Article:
Let’s get the most important thing out of the way first. Emily Eden is no Jane Austen, comparisons to her notwithstanding. Jane Austen could tell a story. Emily Eden cannot.
The eponymous couple of The Semi-Attached Couple are Helen, an 18-year-old, sheltered, gently reared, genteel young woman, and Teviot, who marries her at the start of the story.
Their marriage starts with an inauspicious misunderstanding. In fact, misunderstanding characterizes their relationship almost the whole way through. Teviot does not understand Helen and Helen does not understand Teviot. Teviot is jealous of Helen’s love for her family, and Helen is frightened by the intensity of Teviot’s feelings for her.
Their relationship was the most boring part of the entire novel. They and their relationship was probably a product of their times (the book was written in 1829 though not published until 1860) but really, could they not just have sat down, and had a heart-to-heart to clear up their misconceptions about each other?
If we leave the couple of the the title out of this discussion, then the rest of the stuff is not that bad. In Emily Eden’s own words, The Semi-Attached Couple is a “curious picture of old-fashioned society,” and Eden does seem to have an eye for the going-ons of a certain class of people, and the paraphernalia of their lives.
One of my favorite scenes in the story is the one where Helen, Teviot, and the rest of their friends are guests-of-honor at the opening of a local bridge. Eden infuses the scene with just the right amount of humor as she describes the grandeur of the party’s procession and the cheerful mob that the procession leaves in its wake. She then turns her eye towards the festooning of both the new bridge, and “the mayor and mayoress and their goodly company,” and goes on to regale her readers with a description of the hiccups that the party faces as “the barricade [in front of the bridge] stood firm” as everyone struggled to remove the staves and declare the bridge as officially opened.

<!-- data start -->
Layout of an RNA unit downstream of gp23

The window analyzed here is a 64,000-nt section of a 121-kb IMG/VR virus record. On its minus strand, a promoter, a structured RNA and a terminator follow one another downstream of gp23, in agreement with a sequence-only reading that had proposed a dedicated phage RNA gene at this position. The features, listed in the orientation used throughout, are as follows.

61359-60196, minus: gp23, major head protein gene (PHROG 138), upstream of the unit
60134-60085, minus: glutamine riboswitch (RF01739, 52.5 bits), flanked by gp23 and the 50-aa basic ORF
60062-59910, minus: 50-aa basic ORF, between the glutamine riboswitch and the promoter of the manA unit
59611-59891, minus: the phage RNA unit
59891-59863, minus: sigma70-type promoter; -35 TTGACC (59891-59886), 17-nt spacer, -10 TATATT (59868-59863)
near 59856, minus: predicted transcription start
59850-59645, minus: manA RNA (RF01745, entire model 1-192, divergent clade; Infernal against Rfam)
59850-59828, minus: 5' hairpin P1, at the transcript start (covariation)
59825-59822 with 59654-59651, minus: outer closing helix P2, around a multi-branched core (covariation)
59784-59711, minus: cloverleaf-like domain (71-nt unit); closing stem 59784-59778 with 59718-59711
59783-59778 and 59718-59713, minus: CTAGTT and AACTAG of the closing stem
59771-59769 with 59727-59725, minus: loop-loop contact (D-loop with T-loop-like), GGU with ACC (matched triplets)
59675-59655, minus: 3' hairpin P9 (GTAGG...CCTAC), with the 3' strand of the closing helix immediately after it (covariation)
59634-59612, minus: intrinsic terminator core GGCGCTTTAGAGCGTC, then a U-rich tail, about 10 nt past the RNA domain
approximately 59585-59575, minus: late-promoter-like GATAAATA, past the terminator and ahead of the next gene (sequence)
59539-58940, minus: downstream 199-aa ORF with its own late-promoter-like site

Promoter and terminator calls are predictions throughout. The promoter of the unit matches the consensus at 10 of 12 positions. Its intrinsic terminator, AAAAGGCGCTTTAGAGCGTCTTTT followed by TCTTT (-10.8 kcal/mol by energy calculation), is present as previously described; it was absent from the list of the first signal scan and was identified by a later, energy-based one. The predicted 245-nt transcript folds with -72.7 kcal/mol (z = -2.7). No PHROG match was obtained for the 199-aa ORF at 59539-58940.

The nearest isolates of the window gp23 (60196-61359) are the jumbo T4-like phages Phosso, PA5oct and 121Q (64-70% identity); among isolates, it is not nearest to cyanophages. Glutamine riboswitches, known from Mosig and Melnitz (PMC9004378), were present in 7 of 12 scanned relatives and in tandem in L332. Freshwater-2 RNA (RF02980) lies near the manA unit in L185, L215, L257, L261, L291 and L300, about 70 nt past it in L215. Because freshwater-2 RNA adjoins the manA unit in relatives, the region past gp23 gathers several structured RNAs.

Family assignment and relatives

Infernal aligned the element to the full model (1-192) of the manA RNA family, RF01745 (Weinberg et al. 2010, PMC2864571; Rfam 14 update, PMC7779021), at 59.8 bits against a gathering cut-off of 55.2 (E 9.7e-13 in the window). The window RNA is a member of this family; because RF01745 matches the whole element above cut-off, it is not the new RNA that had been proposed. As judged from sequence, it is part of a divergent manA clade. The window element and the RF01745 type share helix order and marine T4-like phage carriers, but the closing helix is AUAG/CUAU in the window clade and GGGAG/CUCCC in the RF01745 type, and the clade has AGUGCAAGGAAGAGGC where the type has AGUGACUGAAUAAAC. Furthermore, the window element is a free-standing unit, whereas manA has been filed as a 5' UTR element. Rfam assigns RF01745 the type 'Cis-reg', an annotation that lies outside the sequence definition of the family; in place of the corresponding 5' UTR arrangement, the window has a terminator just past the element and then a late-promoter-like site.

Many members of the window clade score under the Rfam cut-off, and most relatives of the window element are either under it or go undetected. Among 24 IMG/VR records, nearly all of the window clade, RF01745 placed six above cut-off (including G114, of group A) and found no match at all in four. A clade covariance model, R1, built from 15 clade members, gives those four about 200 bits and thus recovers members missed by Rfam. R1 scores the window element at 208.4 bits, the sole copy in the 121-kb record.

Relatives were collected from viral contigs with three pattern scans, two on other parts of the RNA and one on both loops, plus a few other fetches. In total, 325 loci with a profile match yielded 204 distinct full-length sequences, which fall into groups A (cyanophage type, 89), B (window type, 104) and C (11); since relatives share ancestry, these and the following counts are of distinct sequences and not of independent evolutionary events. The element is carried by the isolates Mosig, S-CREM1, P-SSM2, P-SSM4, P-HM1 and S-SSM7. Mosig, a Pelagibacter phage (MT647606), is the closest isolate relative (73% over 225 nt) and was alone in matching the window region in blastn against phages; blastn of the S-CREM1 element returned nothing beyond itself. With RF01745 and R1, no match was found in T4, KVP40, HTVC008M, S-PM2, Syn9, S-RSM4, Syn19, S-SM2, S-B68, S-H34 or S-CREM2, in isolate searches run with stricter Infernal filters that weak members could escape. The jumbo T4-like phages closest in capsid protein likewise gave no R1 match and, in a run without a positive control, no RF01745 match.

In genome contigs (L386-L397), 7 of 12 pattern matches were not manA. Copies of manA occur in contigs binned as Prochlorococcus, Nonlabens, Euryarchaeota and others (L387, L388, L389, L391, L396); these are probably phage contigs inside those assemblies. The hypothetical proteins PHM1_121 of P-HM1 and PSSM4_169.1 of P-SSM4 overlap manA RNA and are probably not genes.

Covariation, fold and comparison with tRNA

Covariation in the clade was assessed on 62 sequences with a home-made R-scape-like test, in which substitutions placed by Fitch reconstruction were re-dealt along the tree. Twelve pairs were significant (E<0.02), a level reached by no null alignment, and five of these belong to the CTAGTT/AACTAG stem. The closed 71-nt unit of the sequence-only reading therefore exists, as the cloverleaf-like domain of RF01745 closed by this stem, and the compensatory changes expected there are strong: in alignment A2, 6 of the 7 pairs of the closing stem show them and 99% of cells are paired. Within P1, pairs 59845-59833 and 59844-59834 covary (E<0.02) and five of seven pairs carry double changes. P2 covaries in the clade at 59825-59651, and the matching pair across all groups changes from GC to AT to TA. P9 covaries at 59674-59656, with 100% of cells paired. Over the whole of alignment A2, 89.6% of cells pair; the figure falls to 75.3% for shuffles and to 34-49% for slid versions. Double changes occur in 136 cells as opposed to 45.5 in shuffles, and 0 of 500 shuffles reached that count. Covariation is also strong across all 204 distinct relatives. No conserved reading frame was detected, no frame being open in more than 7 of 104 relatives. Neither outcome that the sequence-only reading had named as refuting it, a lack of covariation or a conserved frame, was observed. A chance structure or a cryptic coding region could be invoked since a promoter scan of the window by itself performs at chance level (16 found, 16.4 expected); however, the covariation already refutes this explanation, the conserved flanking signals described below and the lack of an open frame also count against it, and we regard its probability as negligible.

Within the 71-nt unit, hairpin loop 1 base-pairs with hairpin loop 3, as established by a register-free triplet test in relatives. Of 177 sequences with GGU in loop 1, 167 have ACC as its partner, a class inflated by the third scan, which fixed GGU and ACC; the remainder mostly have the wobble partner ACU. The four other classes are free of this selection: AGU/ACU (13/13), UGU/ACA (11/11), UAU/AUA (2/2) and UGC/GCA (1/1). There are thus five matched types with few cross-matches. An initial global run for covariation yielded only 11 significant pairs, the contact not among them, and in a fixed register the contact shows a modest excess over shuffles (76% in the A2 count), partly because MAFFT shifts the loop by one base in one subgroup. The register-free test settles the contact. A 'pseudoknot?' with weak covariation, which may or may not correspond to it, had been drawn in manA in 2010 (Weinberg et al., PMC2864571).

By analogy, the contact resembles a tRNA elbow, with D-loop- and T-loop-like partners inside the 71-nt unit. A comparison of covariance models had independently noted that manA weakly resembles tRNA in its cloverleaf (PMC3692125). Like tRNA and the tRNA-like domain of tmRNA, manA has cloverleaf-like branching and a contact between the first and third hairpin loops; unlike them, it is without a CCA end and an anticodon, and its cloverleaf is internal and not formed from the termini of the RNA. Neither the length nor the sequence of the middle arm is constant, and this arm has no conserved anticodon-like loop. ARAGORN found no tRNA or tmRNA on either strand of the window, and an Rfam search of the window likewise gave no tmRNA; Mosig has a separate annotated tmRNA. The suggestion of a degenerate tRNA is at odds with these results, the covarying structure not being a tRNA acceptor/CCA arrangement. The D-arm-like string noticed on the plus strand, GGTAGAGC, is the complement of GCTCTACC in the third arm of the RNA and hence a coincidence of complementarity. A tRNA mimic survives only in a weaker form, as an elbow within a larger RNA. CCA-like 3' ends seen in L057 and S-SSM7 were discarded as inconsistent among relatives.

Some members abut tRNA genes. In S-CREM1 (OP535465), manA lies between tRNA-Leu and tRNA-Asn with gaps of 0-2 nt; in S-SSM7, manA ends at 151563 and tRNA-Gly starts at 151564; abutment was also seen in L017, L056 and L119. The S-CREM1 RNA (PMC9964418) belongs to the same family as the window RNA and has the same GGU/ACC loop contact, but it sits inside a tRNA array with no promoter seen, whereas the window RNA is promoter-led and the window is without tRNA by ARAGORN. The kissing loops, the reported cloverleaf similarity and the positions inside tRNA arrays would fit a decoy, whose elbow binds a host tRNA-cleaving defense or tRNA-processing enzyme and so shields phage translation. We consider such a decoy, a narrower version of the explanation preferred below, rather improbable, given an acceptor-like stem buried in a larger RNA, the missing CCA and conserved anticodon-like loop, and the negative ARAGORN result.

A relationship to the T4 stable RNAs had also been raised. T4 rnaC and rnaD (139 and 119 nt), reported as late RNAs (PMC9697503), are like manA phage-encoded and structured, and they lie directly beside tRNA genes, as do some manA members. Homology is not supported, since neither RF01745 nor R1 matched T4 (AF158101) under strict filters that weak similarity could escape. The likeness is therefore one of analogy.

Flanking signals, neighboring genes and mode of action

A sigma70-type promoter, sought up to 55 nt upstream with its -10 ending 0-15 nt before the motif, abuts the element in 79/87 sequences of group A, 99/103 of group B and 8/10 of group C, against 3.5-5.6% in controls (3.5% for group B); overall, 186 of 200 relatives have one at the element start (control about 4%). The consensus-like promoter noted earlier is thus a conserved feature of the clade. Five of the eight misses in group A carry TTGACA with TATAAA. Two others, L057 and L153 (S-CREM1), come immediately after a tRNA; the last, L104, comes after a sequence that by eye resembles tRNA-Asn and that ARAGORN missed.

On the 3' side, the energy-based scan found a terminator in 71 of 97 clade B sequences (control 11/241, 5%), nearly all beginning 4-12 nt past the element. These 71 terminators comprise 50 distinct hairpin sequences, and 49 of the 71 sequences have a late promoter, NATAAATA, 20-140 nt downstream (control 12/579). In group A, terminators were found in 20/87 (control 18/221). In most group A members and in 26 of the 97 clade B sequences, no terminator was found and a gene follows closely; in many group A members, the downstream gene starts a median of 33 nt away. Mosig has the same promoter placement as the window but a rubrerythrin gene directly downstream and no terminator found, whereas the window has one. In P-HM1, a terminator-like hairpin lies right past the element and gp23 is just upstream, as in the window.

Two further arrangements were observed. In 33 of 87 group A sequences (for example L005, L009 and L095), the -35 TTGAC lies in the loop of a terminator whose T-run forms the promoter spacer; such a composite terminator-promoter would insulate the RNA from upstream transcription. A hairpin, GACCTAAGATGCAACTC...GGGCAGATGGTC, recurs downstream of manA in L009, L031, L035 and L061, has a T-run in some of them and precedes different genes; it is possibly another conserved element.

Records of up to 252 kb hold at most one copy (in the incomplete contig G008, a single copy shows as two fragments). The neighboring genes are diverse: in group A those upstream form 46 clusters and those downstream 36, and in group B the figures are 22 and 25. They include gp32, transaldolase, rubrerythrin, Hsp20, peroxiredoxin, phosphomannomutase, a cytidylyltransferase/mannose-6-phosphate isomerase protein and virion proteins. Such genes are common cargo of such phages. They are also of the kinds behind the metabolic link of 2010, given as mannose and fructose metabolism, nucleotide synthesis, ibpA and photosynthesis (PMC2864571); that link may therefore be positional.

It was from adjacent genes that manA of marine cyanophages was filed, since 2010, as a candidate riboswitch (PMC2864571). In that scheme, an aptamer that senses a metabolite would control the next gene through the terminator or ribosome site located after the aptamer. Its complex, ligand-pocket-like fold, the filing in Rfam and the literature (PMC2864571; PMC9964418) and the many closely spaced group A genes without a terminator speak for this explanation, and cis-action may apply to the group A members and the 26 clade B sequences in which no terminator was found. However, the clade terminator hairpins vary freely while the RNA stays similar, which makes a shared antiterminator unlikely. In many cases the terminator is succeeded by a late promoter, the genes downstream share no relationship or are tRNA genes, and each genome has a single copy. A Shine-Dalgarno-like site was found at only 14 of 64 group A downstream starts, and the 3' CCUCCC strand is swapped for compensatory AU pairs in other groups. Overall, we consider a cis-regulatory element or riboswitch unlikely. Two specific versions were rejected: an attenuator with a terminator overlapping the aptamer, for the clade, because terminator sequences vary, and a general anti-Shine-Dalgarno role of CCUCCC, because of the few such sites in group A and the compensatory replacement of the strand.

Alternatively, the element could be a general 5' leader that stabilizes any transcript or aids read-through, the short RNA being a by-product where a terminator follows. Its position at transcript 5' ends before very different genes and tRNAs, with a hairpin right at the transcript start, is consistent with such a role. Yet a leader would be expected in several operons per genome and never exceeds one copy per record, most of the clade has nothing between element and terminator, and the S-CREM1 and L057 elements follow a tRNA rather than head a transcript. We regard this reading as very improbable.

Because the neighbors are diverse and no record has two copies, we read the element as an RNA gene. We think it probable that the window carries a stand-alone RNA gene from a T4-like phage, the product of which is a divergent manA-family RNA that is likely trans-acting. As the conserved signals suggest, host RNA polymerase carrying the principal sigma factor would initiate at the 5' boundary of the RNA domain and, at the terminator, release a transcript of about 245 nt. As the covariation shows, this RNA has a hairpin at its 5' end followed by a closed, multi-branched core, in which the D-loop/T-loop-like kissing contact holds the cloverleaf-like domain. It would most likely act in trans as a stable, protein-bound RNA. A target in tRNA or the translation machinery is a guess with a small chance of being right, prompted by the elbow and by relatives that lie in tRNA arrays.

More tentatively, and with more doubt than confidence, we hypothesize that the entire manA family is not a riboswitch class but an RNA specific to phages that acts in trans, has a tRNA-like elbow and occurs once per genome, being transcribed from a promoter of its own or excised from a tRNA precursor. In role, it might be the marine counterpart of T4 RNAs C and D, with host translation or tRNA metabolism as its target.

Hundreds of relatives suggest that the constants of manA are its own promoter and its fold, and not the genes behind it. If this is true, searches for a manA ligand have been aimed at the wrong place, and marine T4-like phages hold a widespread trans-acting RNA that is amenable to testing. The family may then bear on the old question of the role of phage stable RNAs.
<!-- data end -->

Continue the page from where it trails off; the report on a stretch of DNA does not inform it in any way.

The genial air, and the chatty spirit with which the whole scene is sketched makes one feel as if one is reading a letter from an old friend. And this is what makes me want to try out Emily Eden’s collection of letters (rather than her second novel).
There are two characters in the story that I want to talk about.
Lady Portmore’s relentless posturing and maneuvering while wearing is also macabrely funny. Her utter inability to believe that she could be wrong in any sense of the word, and her astonishing dexterity at ushering in any and every situation with a triumphant prescience, no matter which end of the stick she might have been at, so to speak, in the beginning, is a marvel to behold.
Her amazing lack of self-awareness and at-times annoying, and at-times hilarious ability to believe that she’s always had the right of it reminded me of another champion of self-delusion.
Who else but the one and only Michael Scott?
And of course, in my hunt for the perfect Michael Scott gif, I came across another quote which I heartily wish to fling at Lady Portmore:
Oh god. You’re awful. And you don’t even know how awful you are.
~ The Good Wife
Mrs. Douglas on the other hand is a nice mix of disdain and scorn, whose persecutions very naturally do not extend to her own family members—a sign of humanness that makes her slightly (but just) less annoying than Mrs. Portmore. For the general public however, her persnicketiness is steady, and never-ending, ready to be doled out at a moment’s notice. So great is her prowess that even when “in imminent peril of being forced to praise, [she] escaped with great adroitness.”
Let me end with this marvelous gossipy bit:
Never was the congregation so alert in standing up at the proper opportunities. Old Mr. Marlow, a martyr to the rheumatic gout, and Mrs. Greenland, who had, for two years, made her stiff knee an excuse for sitting down during the whole of the service, were both on their legs before the psalm was given out. The clerk, who had a passion for his own singing, saw his advantages, and gave out five verses of a hymn, with repetition of the last two lines of each verse. Seven verses and a half! But nobody thought it a note too long. . . .
It was a most satisfactory Sunday; and as most of them were addicted to the immoral practice of Sunday letter-writing, the observations of the morning were reduced to writing in the evening, and sent off to various parts of England on Monday morning.